I felt my husband grab my hand.


We lost.

I applauded the winner then grabbed the wine bottle and poured myself a tall one. The next day, we went home and I went back to chapter 12 of what was to become our fourth book, Thicker Than Water. 

I wouldn’t be honest if I didn’t tell you the truth: Losing bites. My good friend Reed Farrel Coleman has been nominated three times in three different categories. He was up this year for Best Short Story. He lost.  He says he is now chasing Jeffrey Deaver’s record who has lost seven times.

It is now ten books later for us. There have been dark days when I couldn’t put two decent sentences together and darker nights when I have fretted that the world was finally going to discover that I have no talent and am a complete fraud. Writing is a lonely affair. It’s a cliche but a true cliche. And the egos of most writers I know are swiss-cheesed with doubt. So yes, I think getting an award can change your life. Hell, a nomination can change your life.

Not because it’s some outer confirmation like a bump in sales, or a translation into a better contract or a bigger publisher. It is because it is an inner validation — that something you did, something you created out of the ether of your imagination and the sweat of your faith — is real. And your peers know and honor that.

Getting the Dead out of Deadline

by Brad Parks

Today TKZ is thrilled to welcome Brad Parks, reformed sportswriter and award winning author, whose second book EYES OF THE INNOCENT was just released.

I have this weird thing for dates. They stick in my head for no good reason.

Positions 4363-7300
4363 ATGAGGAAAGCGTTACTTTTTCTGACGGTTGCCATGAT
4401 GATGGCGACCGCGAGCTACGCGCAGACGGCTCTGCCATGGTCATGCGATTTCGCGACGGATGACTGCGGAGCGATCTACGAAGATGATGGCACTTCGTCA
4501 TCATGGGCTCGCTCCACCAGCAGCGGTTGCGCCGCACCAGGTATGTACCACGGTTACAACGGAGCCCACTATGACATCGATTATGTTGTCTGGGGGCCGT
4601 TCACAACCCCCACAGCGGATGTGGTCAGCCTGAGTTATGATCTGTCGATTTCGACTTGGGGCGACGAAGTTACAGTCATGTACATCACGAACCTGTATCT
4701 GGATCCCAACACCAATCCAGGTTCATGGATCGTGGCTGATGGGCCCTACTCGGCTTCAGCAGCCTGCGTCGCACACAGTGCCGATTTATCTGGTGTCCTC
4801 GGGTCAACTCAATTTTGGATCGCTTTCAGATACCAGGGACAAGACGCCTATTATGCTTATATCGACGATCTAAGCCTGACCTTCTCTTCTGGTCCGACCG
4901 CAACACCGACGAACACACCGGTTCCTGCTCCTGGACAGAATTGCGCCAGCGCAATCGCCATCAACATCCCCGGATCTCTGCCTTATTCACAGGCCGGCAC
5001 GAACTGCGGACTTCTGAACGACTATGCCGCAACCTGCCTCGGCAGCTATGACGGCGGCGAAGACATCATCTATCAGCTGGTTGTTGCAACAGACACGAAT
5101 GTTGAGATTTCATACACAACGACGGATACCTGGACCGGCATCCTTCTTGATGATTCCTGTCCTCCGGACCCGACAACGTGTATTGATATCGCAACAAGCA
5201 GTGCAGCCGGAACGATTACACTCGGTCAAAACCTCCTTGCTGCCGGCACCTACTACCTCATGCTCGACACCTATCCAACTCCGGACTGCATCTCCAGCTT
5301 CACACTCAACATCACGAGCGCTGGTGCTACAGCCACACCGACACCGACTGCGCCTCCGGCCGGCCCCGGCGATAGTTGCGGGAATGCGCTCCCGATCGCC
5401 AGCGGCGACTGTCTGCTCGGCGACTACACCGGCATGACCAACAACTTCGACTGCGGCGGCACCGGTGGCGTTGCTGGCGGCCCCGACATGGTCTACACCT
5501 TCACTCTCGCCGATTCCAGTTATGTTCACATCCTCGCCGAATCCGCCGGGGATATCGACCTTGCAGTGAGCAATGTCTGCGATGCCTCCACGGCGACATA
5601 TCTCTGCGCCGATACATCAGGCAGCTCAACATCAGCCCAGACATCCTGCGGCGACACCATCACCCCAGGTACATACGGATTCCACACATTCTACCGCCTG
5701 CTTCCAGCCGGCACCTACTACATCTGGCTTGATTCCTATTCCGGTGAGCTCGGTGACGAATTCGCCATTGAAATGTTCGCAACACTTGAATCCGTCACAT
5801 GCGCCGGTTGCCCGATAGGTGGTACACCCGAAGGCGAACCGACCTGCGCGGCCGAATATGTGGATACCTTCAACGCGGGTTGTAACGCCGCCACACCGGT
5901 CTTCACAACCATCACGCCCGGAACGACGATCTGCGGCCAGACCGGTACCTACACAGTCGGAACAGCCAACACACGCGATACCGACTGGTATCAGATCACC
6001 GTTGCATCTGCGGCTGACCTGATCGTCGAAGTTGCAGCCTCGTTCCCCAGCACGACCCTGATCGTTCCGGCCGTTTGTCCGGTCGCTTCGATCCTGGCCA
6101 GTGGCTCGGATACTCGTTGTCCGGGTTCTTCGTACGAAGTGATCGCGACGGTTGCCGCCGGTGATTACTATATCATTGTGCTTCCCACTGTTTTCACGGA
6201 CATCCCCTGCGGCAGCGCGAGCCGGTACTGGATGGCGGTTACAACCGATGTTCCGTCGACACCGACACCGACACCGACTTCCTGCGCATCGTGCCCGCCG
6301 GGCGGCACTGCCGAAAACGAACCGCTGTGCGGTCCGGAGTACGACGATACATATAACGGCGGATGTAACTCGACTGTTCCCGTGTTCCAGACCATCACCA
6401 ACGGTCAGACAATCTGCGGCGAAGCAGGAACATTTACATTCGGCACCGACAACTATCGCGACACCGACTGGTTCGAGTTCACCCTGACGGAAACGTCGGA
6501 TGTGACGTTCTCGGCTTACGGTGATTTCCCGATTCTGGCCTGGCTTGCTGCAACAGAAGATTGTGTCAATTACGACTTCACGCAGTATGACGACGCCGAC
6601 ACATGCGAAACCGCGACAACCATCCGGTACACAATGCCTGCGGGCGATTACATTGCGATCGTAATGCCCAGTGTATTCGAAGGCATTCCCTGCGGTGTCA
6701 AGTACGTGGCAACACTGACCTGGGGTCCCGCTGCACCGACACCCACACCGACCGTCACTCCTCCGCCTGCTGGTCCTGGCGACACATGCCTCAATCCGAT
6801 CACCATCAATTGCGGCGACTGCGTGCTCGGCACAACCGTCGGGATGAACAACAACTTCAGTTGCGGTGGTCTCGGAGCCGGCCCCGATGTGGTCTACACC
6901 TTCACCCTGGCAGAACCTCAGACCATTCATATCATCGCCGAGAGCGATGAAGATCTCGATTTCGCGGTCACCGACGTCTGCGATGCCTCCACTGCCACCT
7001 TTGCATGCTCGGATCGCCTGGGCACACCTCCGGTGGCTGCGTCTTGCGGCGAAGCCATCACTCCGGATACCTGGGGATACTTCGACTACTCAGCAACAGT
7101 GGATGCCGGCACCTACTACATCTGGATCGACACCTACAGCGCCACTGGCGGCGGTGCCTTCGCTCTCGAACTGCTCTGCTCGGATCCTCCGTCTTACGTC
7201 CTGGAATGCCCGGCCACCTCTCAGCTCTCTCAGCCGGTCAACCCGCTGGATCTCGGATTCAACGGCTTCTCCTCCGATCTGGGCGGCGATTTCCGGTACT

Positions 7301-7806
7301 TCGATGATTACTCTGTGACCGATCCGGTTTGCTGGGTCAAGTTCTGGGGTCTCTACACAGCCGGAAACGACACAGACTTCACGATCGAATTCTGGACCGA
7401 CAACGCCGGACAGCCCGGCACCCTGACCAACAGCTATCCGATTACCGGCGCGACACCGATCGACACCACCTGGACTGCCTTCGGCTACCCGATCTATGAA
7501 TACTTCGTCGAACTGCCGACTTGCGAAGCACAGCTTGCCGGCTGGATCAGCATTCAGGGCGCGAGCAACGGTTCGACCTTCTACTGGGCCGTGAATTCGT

Aug. 5, 1998. The day my pet rabbit, Snowflake, died.
Aug. 20, 1994. The day I first kissed the beautiful woman who is now my wife
Nov. 5, 2004. The day I finished my first novel-length manuscript (a book that, incidentally, will likely never be published, unless I pull a Stieg Larsen and become unexpectedly famous after my untimely passing).
Feb. 3, 2011. The day I put the entire Kill Zone audience to sleep with the boring biographica
l details of my tedious life because I didn’t move on with the point of my guest blog post…

… So, right, the point of this post is actually to talk about some of the most significant dates in a writer’s life.

Deadline dates.

Now, that word, “deadline,” can inspire a lot of fear in writers. Its origin – and I swear, I’m not making this up – is actually penal in nature. Once upon a time, a deadline referred to a line in a prison that inmates couldn’t cross, or else they’d be shot dead.

But I’m here to say deadline is actually a wonderful thing for writers, something we should embrace rather than loathe. And I have come to discover there is power and freedom in a deadline, in knowing that you don’t have the luxury to get too picky, in understanding that what you’re aiming for is not “good” but “good enough.”

I first learned this as a journalist. I spent twelve years working for daily newspapers, much of it in the sports department, where the deadlines are unforgiving. I can remember covering Yankees playoff games in 1999, when my editor explained to me they were holding the entire paper for my story – and that each minute the story was late would cost $15,000 as presses and trucks sat idle, racking up gas and overtime.
I didn’t know if he was inventing the number, but I did know I was making about $60,000 a year, so my entire annual salary could slip away in four minutes. And I was guessing it would probably be easier to find another $60,000-a-year sportswriter than paying for the ten minutes it took for me to find that perfect word or phrase for my lede. It tended to have a marvelous, focusing effect on my work, one I carried throughout my journalism career.